China Wants Foreigner Free Tibet For July
Radio Free Asia is reporting that the Chinese government has planned a large (and politically sensitive) celebration to honor both anniversaries. The Dalai Lama, whose July 6 birthday brings added foreign scrutiny on the Chinese treatment of Tibetan dissidents, is probably not waiting by his mailbox in Dharamsala for his invitation.
The summer travel ban, which comes after a similar lockout in March during the 52nd anniversary of a Tibetan national uprising, neatly illustrates the paradox of China's tourism aspirations: Beijing wants a steady stream of foreigners coming to "the roof of the world," but is uncomfortable with them actually being there.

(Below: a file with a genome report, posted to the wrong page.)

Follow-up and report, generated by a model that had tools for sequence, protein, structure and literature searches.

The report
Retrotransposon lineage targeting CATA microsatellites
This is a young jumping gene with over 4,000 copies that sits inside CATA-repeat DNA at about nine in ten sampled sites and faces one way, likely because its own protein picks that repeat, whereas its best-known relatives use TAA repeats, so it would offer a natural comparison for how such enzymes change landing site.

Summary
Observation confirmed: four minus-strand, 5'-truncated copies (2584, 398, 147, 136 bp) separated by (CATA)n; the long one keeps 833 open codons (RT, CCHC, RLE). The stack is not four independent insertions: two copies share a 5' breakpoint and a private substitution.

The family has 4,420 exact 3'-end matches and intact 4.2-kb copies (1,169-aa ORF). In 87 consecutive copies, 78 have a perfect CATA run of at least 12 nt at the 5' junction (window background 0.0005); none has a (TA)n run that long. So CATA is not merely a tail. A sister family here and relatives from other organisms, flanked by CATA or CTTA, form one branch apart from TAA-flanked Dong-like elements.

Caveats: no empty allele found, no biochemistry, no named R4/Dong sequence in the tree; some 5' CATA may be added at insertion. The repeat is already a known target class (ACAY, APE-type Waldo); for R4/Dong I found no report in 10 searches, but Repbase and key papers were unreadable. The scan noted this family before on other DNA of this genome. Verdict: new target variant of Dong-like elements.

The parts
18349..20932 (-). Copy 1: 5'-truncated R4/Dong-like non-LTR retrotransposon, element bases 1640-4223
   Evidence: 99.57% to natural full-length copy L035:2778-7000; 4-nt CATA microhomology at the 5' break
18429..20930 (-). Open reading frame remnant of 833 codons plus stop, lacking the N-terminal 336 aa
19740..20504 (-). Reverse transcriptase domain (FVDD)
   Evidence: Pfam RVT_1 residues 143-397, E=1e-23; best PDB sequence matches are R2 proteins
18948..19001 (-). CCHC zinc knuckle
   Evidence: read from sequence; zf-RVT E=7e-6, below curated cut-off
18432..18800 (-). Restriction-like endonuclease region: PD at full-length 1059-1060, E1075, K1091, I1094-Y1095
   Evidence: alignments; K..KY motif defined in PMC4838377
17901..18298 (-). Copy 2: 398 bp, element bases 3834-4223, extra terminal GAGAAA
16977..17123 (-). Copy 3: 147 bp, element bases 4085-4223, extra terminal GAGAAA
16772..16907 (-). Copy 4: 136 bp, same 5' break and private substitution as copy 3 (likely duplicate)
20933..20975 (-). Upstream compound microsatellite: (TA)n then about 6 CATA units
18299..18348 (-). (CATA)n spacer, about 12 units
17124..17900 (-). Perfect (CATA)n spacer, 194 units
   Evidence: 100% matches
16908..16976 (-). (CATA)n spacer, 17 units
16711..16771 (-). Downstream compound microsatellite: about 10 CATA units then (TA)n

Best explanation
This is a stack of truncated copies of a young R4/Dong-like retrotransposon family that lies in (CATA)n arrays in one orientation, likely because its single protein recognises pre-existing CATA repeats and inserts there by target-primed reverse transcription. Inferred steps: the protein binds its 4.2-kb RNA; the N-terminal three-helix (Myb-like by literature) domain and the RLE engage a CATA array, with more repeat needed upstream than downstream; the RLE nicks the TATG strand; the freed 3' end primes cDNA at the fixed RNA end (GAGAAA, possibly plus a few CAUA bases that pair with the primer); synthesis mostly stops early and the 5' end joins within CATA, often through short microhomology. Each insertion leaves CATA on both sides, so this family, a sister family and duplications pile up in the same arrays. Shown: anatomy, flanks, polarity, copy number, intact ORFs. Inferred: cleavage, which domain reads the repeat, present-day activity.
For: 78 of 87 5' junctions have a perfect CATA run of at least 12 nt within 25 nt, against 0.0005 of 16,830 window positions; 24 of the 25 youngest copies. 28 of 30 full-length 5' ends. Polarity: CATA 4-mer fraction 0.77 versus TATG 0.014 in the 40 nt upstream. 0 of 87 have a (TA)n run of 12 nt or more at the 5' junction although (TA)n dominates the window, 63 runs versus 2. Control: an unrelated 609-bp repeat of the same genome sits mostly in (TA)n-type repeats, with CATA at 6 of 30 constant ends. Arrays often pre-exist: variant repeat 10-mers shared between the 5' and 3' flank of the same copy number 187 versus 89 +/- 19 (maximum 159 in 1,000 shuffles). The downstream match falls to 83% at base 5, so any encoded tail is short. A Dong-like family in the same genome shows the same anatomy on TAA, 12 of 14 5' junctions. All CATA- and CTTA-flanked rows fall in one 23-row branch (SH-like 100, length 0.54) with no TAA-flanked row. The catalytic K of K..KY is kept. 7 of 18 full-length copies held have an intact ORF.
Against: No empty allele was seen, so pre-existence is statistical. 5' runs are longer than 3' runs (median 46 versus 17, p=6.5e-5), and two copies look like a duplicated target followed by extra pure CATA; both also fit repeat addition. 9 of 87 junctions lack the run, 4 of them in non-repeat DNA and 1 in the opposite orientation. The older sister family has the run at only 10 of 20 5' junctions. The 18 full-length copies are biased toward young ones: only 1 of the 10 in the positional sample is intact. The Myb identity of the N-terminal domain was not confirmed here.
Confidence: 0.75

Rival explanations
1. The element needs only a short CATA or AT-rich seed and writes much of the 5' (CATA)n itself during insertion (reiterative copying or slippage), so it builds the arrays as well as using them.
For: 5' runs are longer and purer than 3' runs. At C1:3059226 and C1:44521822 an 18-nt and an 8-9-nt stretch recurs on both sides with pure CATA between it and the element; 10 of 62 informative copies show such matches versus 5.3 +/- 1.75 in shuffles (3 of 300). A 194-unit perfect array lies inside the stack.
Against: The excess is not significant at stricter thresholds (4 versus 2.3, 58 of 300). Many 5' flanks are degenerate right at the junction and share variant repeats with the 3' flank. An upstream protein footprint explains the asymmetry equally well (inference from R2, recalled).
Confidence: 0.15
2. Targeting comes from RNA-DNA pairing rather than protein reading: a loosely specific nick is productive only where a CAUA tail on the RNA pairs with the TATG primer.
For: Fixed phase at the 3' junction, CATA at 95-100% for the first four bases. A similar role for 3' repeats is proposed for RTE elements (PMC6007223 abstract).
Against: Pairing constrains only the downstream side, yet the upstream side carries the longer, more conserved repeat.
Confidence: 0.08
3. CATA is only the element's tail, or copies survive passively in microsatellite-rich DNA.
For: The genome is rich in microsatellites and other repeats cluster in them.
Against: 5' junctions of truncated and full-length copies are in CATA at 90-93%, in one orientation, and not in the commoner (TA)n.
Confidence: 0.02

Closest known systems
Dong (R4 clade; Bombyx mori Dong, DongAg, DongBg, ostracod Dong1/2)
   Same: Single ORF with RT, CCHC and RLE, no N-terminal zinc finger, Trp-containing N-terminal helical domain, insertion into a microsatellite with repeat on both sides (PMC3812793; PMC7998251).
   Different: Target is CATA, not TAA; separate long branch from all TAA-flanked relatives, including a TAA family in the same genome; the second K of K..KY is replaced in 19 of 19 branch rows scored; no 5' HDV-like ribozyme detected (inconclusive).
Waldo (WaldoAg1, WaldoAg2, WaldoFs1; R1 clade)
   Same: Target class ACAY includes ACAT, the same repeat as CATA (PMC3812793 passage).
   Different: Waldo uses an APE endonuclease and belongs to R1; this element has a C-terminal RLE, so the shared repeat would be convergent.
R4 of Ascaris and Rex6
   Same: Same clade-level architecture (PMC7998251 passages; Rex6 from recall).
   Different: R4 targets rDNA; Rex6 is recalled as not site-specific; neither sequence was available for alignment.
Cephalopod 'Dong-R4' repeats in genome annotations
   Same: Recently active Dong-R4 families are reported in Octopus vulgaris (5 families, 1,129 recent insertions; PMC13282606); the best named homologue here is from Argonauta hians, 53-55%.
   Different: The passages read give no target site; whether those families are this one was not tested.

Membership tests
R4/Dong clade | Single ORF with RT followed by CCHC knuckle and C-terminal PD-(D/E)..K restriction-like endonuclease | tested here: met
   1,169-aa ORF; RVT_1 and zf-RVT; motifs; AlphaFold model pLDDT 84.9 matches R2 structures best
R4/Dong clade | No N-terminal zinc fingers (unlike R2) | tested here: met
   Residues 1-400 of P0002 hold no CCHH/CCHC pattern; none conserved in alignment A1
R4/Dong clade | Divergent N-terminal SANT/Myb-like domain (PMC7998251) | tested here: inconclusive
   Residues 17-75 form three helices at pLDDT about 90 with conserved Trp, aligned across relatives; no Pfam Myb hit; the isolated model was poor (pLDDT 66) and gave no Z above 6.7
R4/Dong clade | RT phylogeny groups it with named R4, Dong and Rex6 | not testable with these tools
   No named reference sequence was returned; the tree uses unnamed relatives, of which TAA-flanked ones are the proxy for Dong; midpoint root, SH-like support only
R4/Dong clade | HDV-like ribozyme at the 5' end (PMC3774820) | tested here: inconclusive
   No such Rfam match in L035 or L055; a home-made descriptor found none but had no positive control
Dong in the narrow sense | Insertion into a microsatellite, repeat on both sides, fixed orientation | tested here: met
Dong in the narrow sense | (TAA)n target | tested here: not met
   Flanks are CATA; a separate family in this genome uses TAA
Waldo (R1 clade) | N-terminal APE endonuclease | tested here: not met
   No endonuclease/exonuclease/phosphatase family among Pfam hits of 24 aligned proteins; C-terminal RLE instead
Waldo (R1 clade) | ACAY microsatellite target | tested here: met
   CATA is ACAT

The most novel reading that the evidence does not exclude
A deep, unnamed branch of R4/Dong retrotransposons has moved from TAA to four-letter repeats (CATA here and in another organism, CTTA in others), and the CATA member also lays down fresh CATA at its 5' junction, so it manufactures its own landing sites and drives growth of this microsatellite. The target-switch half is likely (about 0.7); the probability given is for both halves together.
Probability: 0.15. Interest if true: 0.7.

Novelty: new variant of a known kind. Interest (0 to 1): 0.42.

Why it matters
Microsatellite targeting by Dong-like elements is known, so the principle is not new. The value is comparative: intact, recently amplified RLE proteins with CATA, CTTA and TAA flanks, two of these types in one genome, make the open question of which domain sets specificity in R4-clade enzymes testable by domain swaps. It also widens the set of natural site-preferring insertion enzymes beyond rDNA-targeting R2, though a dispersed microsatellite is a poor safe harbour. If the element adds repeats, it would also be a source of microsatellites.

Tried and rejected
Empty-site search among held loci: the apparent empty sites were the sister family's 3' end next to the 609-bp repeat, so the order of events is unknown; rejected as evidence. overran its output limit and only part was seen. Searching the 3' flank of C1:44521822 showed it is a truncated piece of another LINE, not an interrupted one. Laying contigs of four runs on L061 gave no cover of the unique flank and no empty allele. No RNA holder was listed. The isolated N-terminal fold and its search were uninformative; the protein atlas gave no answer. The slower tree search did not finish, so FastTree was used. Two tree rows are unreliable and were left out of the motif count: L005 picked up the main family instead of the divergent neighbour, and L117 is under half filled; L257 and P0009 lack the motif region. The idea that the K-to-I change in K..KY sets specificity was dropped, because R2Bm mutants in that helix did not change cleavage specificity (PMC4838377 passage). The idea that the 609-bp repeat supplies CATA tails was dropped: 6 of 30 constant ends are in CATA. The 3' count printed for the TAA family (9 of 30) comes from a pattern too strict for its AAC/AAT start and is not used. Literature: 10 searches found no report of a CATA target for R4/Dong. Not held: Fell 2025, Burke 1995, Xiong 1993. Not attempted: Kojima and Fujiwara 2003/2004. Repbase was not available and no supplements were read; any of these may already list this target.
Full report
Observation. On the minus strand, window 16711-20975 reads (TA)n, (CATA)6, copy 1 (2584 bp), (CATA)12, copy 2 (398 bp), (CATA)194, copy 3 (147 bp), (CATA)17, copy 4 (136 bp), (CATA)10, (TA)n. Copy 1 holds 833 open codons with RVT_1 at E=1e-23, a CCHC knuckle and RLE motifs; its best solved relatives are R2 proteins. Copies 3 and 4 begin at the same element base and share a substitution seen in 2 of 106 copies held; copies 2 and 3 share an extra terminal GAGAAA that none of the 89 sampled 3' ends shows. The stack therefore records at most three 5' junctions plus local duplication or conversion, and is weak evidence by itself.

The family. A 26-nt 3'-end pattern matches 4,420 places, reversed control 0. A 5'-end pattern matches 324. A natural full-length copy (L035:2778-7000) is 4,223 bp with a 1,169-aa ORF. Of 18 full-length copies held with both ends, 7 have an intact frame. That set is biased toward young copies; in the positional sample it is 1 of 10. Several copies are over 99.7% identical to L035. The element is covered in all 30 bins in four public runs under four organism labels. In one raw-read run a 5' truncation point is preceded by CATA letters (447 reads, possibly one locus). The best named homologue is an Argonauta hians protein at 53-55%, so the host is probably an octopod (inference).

A notification explaining that "Foreigners traveling in China must abide by Chinese law and must not endanger the national security of China, harm its Public interests, disturb the Public order, or engage in any other activities incompatible with tourists status," hangs in almost every hotel room in Lhasa.
In late May, Chinese officials loudly trumpeted the opening of the first five star hotel in Tibet, the St. Regis Lhasa Resort, but the five super luxury hotels that are supposed to open within the next four years may frequently only be open to affluent Chinese tourists.
How much foreign currency Beijing will forego by banning travel is still unclear as many foreign travelers scrupulously follow the Free Tibet campaign's strategies for avoiding subsidizing the Chinese presence in the Tibet.
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